“The report has also noted the rise of highly specialised clusters in regional areas, for example we are seeing the rapid growth of the graphic design profession in coastal areas like Burleigh Heads," Dr Hajkowicz says.

“We’re not searching for Australia’s Silicon Valley; we have our own clusters with their own unique blend of technology specialisations, companies, and cultures.

“But we do see the same patterns of intense spatial clustering of technology industry occurring in places like California (USA), Cambridge (UK), Toulouse (France) and other places worldwide.”

Tech Council of Australia CEO Kate Pounder says the 36 regional specialist clusters – which includes Noosa, Newcastle, Queanbeyan, Geelong and Torquay - proves that digital innovation can happen anywhere in Australia.

These clusters are in regional areas and have significant tech workforces which often specialise in one or two areas.

”This research shows that great ideas and industries can spring up anywhere in Australia,” Pounder says.

“It’s an incredible achievement as a nation to have 96 different clusters spread around the country creating jobs and opportunity for a range of communities and workers.

“Giving a range of communities access to this opportunity is vital as this report highlights the benefits for communities of being in a cluster.

"Given tech jobs are amongst the fastest-growing, best-paid and most flexible jobs in the country, it’s a great advantage for any community to have a cluster in their area."

Measuring the concentration of digital jobs

Location quotients provide further insights about specific areas all over the country, as a measure of how the percentage of digital workers in a place stacks up against the rest of the country.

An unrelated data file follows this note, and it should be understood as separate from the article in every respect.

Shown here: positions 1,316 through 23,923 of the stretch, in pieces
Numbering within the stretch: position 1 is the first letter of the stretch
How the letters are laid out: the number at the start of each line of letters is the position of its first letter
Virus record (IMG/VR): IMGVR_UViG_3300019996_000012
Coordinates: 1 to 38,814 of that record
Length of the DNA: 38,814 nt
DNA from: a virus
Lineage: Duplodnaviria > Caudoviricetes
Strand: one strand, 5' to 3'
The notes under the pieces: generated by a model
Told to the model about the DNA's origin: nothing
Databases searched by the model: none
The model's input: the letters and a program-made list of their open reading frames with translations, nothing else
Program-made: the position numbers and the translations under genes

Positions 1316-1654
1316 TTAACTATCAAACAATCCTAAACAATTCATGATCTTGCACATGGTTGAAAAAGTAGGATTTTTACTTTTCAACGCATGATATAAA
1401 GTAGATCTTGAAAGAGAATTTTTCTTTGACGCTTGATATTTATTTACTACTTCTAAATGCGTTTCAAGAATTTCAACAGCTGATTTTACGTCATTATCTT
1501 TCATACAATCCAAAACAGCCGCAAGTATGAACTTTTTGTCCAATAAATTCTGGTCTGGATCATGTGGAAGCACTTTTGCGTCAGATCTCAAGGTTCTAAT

Some of the highest urban location quotients were North Sydney-Lavender Bay (5.2) and Redfern (4.8) in the NSW capital, while Docklands in Melbourne had a figure of 4.8 and the Canberra suburb of Greenway stood at 4.16.

Despite its super cluster status, Brisbane's location quotients tracked lower at 3.01 for Fortitude Valley and 2.89 for the Brisbane CBD. To contextualise these numbers, if Brisbane's most concentrated tech hub were compared on this metric to Sydney and Melbourne districts, it would rank 9th or 7th respectively.

In Adelaide, the highest location quotient was in Mawson Lakes-Globe Derby Park at 2.9, and for Perth it was 2.39 for Perth West-Northbridge. With regards to regional niche clusters - where the absolute numbers of digital workers are much lower than in the capitals - notable quotients were to be found in the Gold Coast suburb of Burleigh Heads (3.16), Sippy Downs on the Sunshine Coast (2.12), the regional Victorian areas of Buninyong (4.3), Torquay (2.68) and North Geelong-Bell Park (2.41), and the digital nomad haven of Byron Bay (2.91).

The research also tracked how location quotients had changed in the decade to 2021, with growth in concentration for Redfern, Docklands, Sydney North, Glen Iris, Surry Hills, Southbank East, Parramatta North.

Areas where the concentration declined sharply include North Ryde, East Ryde, Macquarie Park-Marsfield, Pyrmont, Canberra Airport, Albert Park, Ultimo, South Yarra - West, Spring Hill and Newstead-Bowen Hills.